So when it came to trying the Traverse mat out, I pulled it out of its carry bag, took off the elastic bands, loosened the valve and threw it lengthwise onto the ground triumphantly. Aaand … nothing happened!
After double checking the nozzle and trying on other occasions, I have been unable to get this sleeping mat to self-inflate. Given that there is no pump sack included, this means huffing and puffing through the nozzle to fill it up.
I compared this side by side to the self-inflation of the Kamui Camping Mattress and the difference was night and day. The OEX Traverse is significantly more difficult to set up and doesn’t deliver on its promise of being self-inflating.
Perhaps I’ve just been unlucky but I have heard other reports of this happening too.
Finally, no setup instructions are included. This isn’t too bad since the valve is fairly straightforward. But I suspect quite a lot of people who aren’t familiar with self-inflating pads will know that they should set it up at home the first time and leave it inflated.
Overall, the OEX Traverse 2.5 sleeping mat performed very poorly when I tested its setup.
The OEX Traverse 2.5 packs down nice and small, with a packed size of 29 cm by 13.5 cm. This is quite a lot smaller than many other pads. Although this is probably linked to the thinness of the pad.
The weight comes in at 1 kg which is okay for backpackers who aren’t too serious and definitely light enough for casual campers.
However, this is much heavier than quite a lot of other sleeping mats out there, some of which are almost half as heavy. That being said, the OEX Traverse 2.5 is much cheaper than most of these, so if you’re on a budget you might be okay with 1 kg.
I would, however, certainly recommend spending a little more to buy a better mat given that it will not just be lighter, it’ll also be comfier.
- The weight is about average for a backpacking style sleeping mat.
- A small packed size for a sleeping mat.
- Other sleeping mats can be significantly lighter, albeit they cost more.
OEX claims that this sleeping mat has an r value of 2.6. This should be okay going down to fairly cold temperatures but the r-value isn’t high enough for a sudden overnight cold snap during Spring or Autumn.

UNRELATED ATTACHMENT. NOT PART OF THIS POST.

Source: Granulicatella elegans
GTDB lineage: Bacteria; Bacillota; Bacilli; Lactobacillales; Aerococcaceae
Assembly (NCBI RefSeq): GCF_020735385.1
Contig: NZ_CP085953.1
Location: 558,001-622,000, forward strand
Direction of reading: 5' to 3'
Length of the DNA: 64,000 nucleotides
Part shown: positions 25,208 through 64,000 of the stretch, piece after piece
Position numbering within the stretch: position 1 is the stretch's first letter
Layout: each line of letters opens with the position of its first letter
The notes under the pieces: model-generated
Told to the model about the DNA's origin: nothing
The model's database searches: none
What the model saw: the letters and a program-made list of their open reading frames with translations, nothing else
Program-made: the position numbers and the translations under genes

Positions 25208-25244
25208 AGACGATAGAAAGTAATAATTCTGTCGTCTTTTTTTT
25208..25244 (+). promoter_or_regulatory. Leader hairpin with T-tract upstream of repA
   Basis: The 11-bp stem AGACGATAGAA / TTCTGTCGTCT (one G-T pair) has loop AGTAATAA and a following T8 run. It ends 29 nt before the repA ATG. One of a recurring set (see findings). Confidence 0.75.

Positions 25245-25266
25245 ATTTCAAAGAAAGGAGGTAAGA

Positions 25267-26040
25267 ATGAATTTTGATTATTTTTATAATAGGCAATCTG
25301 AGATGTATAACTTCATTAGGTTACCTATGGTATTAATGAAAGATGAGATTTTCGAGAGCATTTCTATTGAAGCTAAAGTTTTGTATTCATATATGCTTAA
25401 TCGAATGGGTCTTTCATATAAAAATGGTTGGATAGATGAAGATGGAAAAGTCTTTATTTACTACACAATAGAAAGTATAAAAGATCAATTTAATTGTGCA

If you’re only planning to use it during the summer, the OEX will be fine for back sleepers. But if you do want something that could potentially extend to times of the year where the temperature is more variable, I would opt for a mat with more insulation instead.
I’ve had no problems with my OEX Traverse 2.5 sleeping mat so far and its durability seems okay.
Normally this is the point where I would say that I’ll come back in a while after plenty of nights testing it. But, honestly, I really can’t bring myself to use the OEX Traverse again. It’s, in my view, a poor product.
So please forgive me but I’ll save myself from some poor night’s sleep and, without any signs of it being particularly durable or non-durable, I’ll just give it an average score. It won’t change my overall impression anyway!
Value for money
I bought this sleeping mat on sale for £30 from Tiso in July 2023. It had an RRP of £50.
Do I think this sleeping mat provides value for money? No. I would highly recommend paying a little extra for another pad or choosing a cheap mat off Amazon.
I did find that the Kamui camping mattress was comfortable – although this is one for folk who aren’t backpacking since it’s heavier and bulkier.
Don’t buy it! 🙂
- 26 July 2023: Review published.
Final thoughts on the OEX Traverse 2.5 Sleeping Mat
I’m very disappointed with my test results. If you take anything from our OEX Traverse 2.5 sleeping mat review, either spend the same money on a less big brand mat or spend a little extra for a better quality sleeping mat.